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Why Young People Are Fine With Socialism

The next City Council will have at least five democratic socialists. That’s thanks in part to a generation with no bad taste in their mouths from the Cold War.

Supporters at Bernie Sanders’s campaign announcement rally on March 3, 2019, at Navy Pier   Photo: Brian Cassella/Chicago Tribune

Last year, ahead of the 2019 municipal election, Ald. Pat O’Connor wondered in the Sun-Times, “Who ever thought you’d be able to say, ‘I’m a democratic socialist,’ and people would say, ‘That’s a good thing’?”

That was just one of the ways the 64-year-old showed himself to be out of touch with young voters in his ward. On April 2, O’Connor was defeated by 39-year-old Andre Vasquez, a member of the Democratic Socialists of America.

The next City Council will have at least five democratic socialists, all of them younger than 45. Carlos Ramirez-Rosa of the 35th Ward is 30. Daniel LaSpata of the 1st Ward is 38. Byron Sigcho-Lopez of the 35th Ward is 35. Jeannette Taylor of the 20th Ward is 43.

A sixth potential member, Rossana Rodriguez, leads Deb Mell by just 12 votes in the too-close-to-call 33rd Ward; she’s 40.

If O’Connor’s bewilderment is any indication, Americans’ attitudes towards socialism signify a generation gap. Baby Boomers don’t like it. They grew up in an era of robust wages and employment, when capitalism delivered job security and prosperity.

If you graduated from high school in the 1960s, you often didn’t have to look for a job, because a job came looking for you. In the early ’70s, U.S. Steel’s Gary Works plant employed 30,000 people. At one point, the company was so desperate for young bodies that it bought billboards in the Indiana Dunes, listing the number of its personnel office.

Today, the same plant employs 4,000 people. And good luck getting one of those union jobs unless you know someone on the inside.

There’s also the matter of Russia. When Boomers were coming of age, the United States was embroiled in the Cold War with the Soviet Union, then a socialist superpower. When you compared Moscow’s bread lines and dreary apartment blocks with America’s supermarkets and suburban bungalows, it seemed obvious: Capitalism had created the worker’s paradise that communism promised.

But the children and grandchildren of the Baby Boomers didn’t grow up in such easy times. America celebrated capitalism’s victory in the Cold War by loosening restraints on the free market.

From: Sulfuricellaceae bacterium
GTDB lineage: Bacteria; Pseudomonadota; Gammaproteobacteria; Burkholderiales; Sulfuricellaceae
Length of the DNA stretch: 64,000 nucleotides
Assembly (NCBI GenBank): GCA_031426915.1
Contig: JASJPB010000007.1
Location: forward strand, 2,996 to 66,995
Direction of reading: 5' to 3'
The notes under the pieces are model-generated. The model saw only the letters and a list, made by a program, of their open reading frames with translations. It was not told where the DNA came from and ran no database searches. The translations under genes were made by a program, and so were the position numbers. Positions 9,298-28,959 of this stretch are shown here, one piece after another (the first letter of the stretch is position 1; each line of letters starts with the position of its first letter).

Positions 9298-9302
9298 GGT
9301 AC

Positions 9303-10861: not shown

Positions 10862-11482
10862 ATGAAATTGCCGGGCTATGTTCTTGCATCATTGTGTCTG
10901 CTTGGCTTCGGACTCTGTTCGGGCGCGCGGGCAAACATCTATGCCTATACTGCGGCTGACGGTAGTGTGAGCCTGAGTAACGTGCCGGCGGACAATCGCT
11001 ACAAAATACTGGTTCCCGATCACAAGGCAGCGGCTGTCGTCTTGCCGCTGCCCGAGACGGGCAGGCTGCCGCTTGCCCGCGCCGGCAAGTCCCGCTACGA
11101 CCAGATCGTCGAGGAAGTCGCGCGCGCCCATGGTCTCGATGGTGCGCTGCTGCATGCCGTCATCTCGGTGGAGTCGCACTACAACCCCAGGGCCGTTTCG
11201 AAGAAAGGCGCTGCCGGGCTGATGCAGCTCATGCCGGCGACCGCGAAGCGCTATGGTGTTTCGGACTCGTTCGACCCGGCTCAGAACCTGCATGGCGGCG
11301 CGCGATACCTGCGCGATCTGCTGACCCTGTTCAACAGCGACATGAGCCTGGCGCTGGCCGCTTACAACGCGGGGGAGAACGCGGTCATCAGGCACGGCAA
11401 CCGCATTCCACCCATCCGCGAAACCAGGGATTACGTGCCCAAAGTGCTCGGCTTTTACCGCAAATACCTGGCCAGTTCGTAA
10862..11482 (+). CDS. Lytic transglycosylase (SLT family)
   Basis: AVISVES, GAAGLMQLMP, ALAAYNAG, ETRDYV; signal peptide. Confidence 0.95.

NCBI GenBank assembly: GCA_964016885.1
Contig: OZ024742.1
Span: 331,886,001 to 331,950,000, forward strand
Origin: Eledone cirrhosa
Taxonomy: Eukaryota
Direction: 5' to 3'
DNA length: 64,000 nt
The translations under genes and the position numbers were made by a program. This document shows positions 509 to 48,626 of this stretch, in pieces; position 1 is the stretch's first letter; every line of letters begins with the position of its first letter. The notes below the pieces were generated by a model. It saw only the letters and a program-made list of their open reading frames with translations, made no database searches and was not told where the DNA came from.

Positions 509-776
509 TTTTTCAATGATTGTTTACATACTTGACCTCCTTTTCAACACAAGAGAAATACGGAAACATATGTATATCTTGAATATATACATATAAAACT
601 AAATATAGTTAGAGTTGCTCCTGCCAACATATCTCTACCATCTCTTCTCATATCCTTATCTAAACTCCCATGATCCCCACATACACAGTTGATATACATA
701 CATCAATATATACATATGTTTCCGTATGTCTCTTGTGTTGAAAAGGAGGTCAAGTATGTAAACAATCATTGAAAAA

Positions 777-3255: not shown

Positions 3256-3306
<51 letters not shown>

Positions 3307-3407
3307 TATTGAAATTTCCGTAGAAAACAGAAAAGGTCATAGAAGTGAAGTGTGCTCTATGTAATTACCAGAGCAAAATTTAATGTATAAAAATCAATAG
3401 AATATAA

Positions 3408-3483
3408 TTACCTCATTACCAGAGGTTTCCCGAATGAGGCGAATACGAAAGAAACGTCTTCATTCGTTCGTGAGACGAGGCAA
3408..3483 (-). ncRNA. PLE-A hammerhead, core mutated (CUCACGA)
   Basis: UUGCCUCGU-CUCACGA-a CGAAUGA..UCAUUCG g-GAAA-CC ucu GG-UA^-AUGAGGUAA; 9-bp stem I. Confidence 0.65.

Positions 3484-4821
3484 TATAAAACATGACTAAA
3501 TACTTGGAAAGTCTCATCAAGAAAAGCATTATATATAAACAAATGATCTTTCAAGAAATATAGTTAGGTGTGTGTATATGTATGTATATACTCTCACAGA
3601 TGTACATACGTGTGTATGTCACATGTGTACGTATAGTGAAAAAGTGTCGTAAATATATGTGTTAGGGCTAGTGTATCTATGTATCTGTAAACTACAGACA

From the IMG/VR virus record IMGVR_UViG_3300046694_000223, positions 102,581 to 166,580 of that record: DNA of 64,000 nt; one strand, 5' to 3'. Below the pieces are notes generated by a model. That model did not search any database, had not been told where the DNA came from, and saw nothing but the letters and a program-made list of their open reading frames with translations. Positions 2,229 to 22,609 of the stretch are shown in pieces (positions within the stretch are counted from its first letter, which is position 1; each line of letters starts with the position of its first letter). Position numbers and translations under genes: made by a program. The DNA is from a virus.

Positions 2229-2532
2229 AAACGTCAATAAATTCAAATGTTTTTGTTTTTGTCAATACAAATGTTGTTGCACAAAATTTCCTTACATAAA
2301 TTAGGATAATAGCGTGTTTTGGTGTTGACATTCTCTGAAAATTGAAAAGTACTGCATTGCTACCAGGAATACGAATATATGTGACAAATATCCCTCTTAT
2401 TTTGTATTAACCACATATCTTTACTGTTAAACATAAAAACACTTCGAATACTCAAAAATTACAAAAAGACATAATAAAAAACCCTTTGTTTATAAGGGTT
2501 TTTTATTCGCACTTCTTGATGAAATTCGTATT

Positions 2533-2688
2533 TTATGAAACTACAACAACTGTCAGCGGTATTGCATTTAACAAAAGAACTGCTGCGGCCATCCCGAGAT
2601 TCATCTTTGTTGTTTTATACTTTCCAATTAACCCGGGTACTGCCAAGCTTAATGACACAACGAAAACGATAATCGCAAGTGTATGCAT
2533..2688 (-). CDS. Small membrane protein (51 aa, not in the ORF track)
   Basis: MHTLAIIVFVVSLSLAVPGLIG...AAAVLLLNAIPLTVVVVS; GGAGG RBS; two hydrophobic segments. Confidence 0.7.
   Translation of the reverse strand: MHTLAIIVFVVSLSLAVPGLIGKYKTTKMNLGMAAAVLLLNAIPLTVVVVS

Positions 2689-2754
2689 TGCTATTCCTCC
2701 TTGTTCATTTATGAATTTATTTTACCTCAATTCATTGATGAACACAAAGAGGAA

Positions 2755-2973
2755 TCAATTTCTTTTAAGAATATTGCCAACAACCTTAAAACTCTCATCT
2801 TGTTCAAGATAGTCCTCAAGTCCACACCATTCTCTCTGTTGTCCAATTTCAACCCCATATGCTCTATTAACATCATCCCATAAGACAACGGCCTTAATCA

First, Ronald Regan launched an attack on the labor movement by firing striking air traffic controllers; today, only 6 percent of private sector workers are represented by a union.

Later, Bill Clinton eliminated regulations on financial institutions, contributing to the mortgage lending crisis of the mid-2000s and, eventually, the economic collapse of 2008.

The result? Economic inequality in America is at its highest level in nearly a century. Between 1970 and today, the share of the nation’s income that went to the middle class – households earning two-thirds to double the national median – fell from 62 percent to 45 percent. The wealthiest 1 percent now take in 19 percent of America’s income, their highest share since 1928. It’s as though the New Deal and the modern labor movement never happened.

Socialism had quite the following in the first half of the 20th century, through the unequal 1920s and into the Great Depression. Cities like Flint, Michigan (and later, in 1948, Milwaukee) elected socialist mayors. In 1920, socialist candidate Eugene V. Debs earned nearly a million votes for president.

Now that the wealth gap is what it is, socialism is starting to look pretty good again — especially to people who didn’t grow up during the Cold War. Increasingly, they want to see the pendulum swing back toward more government involvement in the economy.

According to a Gallup poll conducted last year, 51 percent of Americans aged 18 to 29 have a positive view of socialism, while only 45 percent have a positive view of capitalism. At the other end of the age spectrum, 50 to 64 year olds — Ald. O’Connor’s peers — favor capitalism 60 to 30.

The former group were the most ardent supporters of Bernie Sanders’s 2016 presidential campaign, and they recently packed Greenhouse Lofts in Logan Square to hear 2020 candidate Andrew Yang stump for a universal basic income and Medicare for All. (Yang doesn’t call himself a socialist, but how else would you describe that platform?)

Most importantly, young people understand the distinction between democratic socialism and Soviet-style socialism. The former dictates a social safety net like the ones provided by Scandinavian countries. The latter is a centrally planned economy that would be incompatible with Western political traditions.

With regard to Chicago, Ald. Ramirez-Rosa put it this way in the Sun-Times: “Over the last several years, we’ve seen voters demand an alternative to the Democratic status quo, where we’re told that our public dollars need to go to projects like Lincoln Yards and millions in TIF funds to go to private pockets.”

When it comes right down to it, all government is socialism. It’s a means of pooling money to pay for things that benefit everyone: schools, roads, libraries. Politics, on the other hand, is about just how socialist government is going to be. And in Chicago — and nationally — young people are saying, ‘More, please.’

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